What It Means To Do Business Responsibly

By Cam Ha

November 13, 2020| 09:49 am GMT+7

Last year the bank I used to work for announced its withdrawal from two major thermal power projects.

Ever since the Paris Agreement, an agreement within the 2015 United Nations Framework Convention on Climate Change, took effect in November 2016, financial institutions around the world have been facing huge pressure from non-governmental organizations (NGOs) and civil society organizations (CSOs) to say “no” to the coal mining and coal-fired power to keep the earth’s temperature from rising by more than 2 degrees Celsius.That was in line with a commitment it had made in 2018 to stop funding new coal-fired power plants. To me, that was one of the most notable examples of fulfilling corporate social responsibility (CSR).

The Paris Agreement’s central aim is to strengthen the global response to the threat of climate change by keeping the global temperature rise this century well below 2 degrees Celsius above pre-industrial levels and to pursue efforts to limit the temperature increase even further to 1.5 degrees Celsius, according to the UN Climate Change.

So far more than 100 financial institutions, including banks and insurance firms, around the world have divested from coal-fired power projects.

When I was still working at the bank, I saw it announce the specific categories it would refuse to fund in the oil and gas, fossil fuels, mining, agriculture, and fisheries sectors. The bank itself has an ambitious goal of reaching zero emissions in its operations by 2030 through the use of renewable energy.

I learned about the concepts of “fair trade” and “CSR” for the first time while working as a reporter during the process of Vietnam joining the World Trade Organization (WTO) in 2005.

The term CSR had been used by economists since the early 1950s and had become popular in the U.S. since the 1970s.

When it first came to Vietnam, it referred mostly to good labor policies or standards to ensure food safety and hygiene, especially for exports.

With the boom in trade post the WTO accession, Vietnamese companies gradually became familiar with technical barriers in the European, American and Japanese markets.

In free trade agreements the country signed recently such as the EU-Vietnam Free Trade Agreement and the Comprehensive and Progressive Agreement for Trans-Pacific Partnership (CPTPP), CSR regulations occupy a separate chapter by themselves.

Preferential market access and tariffs are linked to labor and environmental protection legislation, transparency and good governance.

But from what I have observed many companies in Vietnam are yet to get a clear understanding of CSR, not surprising since micro, small and medium-sized account for 97 percent. Most of them face certain challenges and lack the resources and opportunities needed to either learn or care about their social responsibilities.

Then I have seen some companies that do well and earn high profits but misunderstand the concept of CSR. They stop with spending money on building churches, pagodas and temples, performing rituals and making offerings to the gods they worship but ignore problems faced by the community and society.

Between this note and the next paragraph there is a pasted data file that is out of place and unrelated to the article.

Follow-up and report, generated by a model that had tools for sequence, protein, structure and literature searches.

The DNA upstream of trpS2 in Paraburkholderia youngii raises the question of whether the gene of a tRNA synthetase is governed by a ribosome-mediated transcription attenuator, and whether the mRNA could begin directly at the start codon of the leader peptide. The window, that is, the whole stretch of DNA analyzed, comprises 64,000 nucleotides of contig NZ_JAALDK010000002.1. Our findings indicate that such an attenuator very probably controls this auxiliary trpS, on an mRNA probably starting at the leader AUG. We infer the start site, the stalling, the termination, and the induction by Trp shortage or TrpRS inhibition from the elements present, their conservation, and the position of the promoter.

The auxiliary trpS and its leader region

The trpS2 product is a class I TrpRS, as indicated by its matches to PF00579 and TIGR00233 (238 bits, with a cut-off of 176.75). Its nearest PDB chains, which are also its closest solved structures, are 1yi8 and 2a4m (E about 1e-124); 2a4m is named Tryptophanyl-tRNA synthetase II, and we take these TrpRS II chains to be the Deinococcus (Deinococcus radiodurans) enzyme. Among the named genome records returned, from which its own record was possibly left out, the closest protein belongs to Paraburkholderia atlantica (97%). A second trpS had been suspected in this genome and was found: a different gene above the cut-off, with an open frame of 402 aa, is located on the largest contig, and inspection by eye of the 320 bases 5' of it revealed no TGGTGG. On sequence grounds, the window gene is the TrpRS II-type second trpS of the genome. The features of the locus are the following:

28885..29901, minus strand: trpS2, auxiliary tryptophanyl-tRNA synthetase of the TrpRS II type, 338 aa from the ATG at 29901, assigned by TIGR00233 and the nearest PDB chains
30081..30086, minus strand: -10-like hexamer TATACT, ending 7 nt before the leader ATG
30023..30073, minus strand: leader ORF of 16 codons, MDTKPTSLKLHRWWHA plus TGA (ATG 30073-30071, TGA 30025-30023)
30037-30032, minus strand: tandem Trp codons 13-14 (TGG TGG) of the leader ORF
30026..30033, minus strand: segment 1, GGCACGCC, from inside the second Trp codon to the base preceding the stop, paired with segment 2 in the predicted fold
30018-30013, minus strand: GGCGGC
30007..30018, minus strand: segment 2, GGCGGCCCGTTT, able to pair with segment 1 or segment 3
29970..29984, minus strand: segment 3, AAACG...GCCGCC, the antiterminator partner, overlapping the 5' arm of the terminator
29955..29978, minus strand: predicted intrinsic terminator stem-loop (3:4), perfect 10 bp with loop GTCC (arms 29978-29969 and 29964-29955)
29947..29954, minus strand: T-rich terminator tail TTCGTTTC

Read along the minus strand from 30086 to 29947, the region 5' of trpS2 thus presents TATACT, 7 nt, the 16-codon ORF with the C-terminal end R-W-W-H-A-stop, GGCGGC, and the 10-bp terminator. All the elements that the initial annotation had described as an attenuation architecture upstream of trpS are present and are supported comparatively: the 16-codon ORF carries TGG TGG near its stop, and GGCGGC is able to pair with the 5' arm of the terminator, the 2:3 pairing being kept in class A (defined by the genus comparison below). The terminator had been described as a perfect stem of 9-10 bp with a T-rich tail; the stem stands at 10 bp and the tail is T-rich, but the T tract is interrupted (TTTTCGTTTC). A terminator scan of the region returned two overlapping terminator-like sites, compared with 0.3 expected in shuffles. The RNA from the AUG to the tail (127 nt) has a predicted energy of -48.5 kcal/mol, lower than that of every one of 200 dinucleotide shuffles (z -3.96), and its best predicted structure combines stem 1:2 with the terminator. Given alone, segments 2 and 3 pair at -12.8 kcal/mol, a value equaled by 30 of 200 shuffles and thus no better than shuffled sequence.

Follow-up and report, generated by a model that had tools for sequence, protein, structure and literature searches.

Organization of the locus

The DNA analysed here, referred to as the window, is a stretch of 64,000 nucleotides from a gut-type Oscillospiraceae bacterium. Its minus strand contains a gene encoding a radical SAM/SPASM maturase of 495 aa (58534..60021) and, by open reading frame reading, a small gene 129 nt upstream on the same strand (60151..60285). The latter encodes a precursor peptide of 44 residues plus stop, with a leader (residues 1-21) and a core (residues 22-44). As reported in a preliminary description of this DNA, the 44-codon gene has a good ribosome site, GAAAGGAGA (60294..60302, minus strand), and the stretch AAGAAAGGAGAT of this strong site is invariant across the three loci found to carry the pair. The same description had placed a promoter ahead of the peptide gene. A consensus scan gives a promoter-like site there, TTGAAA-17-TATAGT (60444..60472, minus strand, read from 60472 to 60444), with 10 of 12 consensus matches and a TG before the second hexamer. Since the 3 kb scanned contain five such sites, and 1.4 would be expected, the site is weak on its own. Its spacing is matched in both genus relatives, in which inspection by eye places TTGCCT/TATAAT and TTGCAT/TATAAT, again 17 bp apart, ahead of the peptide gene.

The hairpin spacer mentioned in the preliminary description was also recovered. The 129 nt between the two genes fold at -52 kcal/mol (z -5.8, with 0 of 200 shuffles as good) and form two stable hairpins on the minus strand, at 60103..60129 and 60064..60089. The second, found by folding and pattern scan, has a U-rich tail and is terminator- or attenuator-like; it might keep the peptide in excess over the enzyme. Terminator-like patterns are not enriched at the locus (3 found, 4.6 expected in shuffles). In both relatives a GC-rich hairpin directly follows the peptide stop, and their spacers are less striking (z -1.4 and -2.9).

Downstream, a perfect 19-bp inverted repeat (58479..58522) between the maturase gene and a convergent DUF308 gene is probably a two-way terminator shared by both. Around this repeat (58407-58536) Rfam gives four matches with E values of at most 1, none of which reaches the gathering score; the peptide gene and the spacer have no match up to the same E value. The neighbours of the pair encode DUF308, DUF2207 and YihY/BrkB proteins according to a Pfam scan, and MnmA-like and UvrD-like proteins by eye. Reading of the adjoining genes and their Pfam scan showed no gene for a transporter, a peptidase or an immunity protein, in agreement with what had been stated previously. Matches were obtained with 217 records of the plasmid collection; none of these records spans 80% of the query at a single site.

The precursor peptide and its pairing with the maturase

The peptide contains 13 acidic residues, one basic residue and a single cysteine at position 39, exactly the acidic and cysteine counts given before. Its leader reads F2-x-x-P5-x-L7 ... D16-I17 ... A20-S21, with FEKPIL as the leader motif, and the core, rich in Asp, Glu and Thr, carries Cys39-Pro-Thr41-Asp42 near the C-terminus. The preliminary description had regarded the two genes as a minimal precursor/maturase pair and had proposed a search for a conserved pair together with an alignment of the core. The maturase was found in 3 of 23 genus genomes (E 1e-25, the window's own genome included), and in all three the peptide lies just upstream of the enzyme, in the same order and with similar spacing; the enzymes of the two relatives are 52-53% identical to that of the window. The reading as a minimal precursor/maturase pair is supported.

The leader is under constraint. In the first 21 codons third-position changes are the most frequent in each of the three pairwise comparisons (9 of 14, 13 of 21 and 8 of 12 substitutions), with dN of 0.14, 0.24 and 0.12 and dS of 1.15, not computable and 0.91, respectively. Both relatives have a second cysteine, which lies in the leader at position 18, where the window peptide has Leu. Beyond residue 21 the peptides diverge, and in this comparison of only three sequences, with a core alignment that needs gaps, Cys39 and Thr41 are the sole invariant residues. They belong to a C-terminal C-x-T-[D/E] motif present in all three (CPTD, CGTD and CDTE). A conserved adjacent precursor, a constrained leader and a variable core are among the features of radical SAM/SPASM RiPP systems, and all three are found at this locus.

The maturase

Both the government and businesses need to ensure economic growth on the basis of the rational use of resources to meet the needs of today’s generation without harming the next.

CSR involves not just business ethics but also a commitment by each individual and organization to contribute to improving the community in which they live and operate.

Business executives, shareholders, employees, customers, contractors… all can contribute to the implementation of CSR.

We have seen many sad cases of companies giving CSR the go-by, like in 2008 when monosodium glutamate producer Vedan Vietnam admitted it had been discharging untreated waste into the Thi Vai River in the southern Dong Nai Province for years and in 2016 when Taiwanese steel plant Formosa caused one of the biggest environmental disasters in Vietnamese history, polluting 200 kilometers (125 miles) of coastline in the central Ha Tinh Province and three neighboring provinces.

The landslide triggered by floods in October in the central province of Thua Thien-Hue that killed five workers at the Rao Trang 3 hydropower plant and left 12 others missing is the most recent example. It should be noted that the ability to manage disaster risks is part of CSR.


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Rescuers look for workers buried under a landslide at the Rao Trang 3 hydropower plant in the central Thua Thien-Hue Province in October 2020. Photo by VnExpress/Vo Thanh.

Along with that, CSO, NGO, the press, experts and active citizens should put greater pressure on behaviors that damage the environment or are irresponsible to the employees and the community. During every rainy and stormy season, for every tribulation, we also witness countless noble deeds by people from everywhere. All relief activities are worth cheering, but they are not enough. For sustainable development, CSR plays a key role, with state agencies having to create a dialogue channel and have both incentives and sanctions to make businesses more responsible and, if possible, do business more kindly.

Businesses create jobs and wealth, but doing businesses by destroying the ecosystem and disregarding the health and safety of people will be self-destructive.

Living and operating in harmony with nature and with the community is no longer a choice but our only option before it’s too late.

*Cam Ha is an entrepreneur and a communication specialist. The opinions expressed are her own.

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